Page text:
In search of an eyeball

 
Last Updated: Saturday 04 July 2015

-- About 13,000 eyeballs are collected every year in India, but only about 7,000 of them are actually used in corneal graft surgeries. One of the main reasons for this pathetic situation is that eyebanks in India do not have the facilities to preserve these eyeballs, which have to be used within 24 hours of the donor's death for a successful graft.

However, several Indian eyebanks will soon have fully-equipped "eye" preservation laboratories, the first of which is to be set up in Hyderabad with the assistance from the International Federation of Eye Banks (IFEB) and the Tissue Banks International (TBI) of the US. The facility will distribute the preserving medium for eyeballs, called MK, free of cost till the end of this year, says R K Seth, director of Venu Eye Institute. Thereafter, it will sold for a price, which will depend on the success of the experiment, he adds.

Speaking in a seminar on The Status of Eye Banks in India -- Past and Future, Frederick N Griffith, chief executive officer of IFEB and president of TBI, said that the federation will stick to the highest possible standards for eye tissue preservation and provide surgical facilities to member eyebanks. TBI, which has opened 10 eyebanks in the US and 13 in other countries -- 1 each in Hyderabad, Bombay and Ahmedabad -- intends to open 3 more in India, including 1 in Delhi. Griffith has promised $500,000 for setting up eyebanks in India, disclosed Seth.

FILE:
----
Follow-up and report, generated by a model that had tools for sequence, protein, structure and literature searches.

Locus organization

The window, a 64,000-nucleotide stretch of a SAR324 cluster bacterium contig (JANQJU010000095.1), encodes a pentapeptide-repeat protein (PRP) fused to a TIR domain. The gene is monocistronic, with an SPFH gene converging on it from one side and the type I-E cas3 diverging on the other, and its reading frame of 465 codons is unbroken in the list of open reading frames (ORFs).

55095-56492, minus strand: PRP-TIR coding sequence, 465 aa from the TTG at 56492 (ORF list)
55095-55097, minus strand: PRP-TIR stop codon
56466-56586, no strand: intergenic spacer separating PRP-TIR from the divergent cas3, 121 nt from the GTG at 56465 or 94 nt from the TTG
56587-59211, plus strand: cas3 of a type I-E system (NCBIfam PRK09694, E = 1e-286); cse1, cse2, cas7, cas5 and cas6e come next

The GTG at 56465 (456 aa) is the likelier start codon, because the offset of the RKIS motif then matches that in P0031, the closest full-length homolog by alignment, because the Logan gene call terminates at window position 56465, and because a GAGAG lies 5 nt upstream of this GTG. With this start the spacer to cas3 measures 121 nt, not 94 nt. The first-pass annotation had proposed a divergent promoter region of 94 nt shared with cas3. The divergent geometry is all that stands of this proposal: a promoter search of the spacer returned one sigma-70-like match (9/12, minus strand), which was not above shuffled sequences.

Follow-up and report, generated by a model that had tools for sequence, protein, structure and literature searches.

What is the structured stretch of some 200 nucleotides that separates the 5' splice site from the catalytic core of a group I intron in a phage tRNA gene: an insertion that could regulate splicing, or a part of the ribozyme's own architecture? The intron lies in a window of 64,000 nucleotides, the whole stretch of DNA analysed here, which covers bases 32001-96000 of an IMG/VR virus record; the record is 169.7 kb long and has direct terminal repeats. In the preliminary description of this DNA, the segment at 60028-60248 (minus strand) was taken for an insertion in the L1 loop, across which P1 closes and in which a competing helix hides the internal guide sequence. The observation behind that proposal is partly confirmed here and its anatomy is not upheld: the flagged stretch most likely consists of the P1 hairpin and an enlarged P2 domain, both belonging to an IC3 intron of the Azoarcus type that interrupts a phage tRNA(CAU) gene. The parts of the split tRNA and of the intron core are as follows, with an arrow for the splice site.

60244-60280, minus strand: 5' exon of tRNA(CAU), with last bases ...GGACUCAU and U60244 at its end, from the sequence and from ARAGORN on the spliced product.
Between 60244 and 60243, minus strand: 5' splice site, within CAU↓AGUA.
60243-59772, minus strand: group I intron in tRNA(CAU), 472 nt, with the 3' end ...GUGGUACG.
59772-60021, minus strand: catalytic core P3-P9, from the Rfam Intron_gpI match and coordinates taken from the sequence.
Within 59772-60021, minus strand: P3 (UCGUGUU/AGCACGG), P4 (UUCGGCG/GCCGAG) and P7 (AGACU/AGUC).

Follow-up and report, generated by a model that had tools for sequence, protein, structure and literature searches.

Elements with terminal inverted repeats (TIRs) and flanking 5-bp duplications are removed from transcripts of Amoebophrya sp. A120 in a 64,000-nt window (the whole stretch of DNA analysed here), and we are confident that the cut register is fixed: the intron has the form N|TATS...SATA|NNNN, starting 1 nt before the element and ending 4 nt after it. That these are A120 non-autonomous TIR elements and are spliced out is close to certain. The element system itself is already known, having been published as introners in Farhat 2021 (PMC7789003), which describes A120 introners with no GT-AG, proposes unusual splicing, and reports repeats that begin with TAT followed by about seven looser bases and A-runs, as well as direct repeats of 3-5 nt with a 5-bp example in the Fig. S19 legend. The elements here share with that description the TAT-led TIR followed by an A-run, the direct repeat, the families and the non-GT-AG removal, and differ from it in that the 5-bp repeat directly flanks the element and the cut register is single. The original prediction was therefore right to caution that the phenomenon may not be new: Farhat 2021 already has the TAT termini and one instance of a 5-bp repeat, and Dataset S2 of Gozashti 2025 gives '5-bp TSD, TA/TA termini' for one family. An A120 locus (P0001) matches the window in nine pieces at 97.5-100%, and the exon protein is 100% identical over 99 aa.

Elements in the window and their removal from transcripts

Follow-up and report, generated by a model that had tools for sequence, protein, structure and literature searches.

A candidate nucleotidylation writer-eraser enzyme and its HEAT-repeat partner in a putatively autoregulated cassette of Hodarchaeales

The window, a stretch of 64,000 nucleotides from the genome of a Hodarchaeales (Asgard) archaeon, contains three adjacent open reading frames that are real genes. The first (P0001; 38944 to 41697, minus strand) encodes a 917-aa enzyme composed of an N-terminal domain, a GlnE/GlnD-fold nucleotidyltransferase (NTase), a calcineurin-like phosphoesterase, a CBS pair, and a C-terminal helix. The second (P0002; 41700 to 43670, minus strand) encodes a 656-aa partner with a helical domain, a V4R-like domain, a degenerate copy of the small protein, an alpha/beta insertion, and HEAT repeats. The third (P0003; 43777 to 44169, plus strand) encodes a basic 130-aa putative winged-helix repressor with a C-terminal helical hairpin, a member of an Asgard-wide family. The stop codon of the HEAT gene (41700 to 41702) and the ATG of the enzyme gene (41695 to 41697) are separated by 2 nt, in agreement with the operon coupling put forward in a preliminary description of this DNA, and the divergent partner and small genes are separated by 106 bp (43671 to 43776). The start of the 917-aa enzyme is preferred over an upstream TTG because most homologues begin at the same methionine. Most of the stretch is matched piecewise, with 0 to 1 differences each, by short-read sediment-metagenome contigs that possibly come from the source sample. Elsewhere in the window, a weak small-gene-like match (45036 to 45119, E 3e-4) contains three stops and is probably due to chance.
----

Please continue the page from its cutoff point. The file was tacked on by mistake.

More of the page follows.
Griffith lamented the proliferation of eyebanks in India that have no coordination amongst themselves. In the US, he says, large cities have just one eyebank, while in Bombay there are about 20. This, he says, leads to unhealthy competition. Besides, there is no point having several eyebanks when you don't have facilities to either test the eyes for healthiness, or preserve them once they are accepted. Says Madhu Mohan, director of the Delhi-based M M Eyetech and former head of the Rajendra Prasad Eye Centre at Delhi's All India Institute of Medical Sciences, "Although 2 million people await corneal graft surgery, we do not do more than 7,000 in this country. If this situation continues, I don't think the government can meet its target of reducing the number of blind from the 1.49 per cent of the total population at present to about 0.3 per cent."

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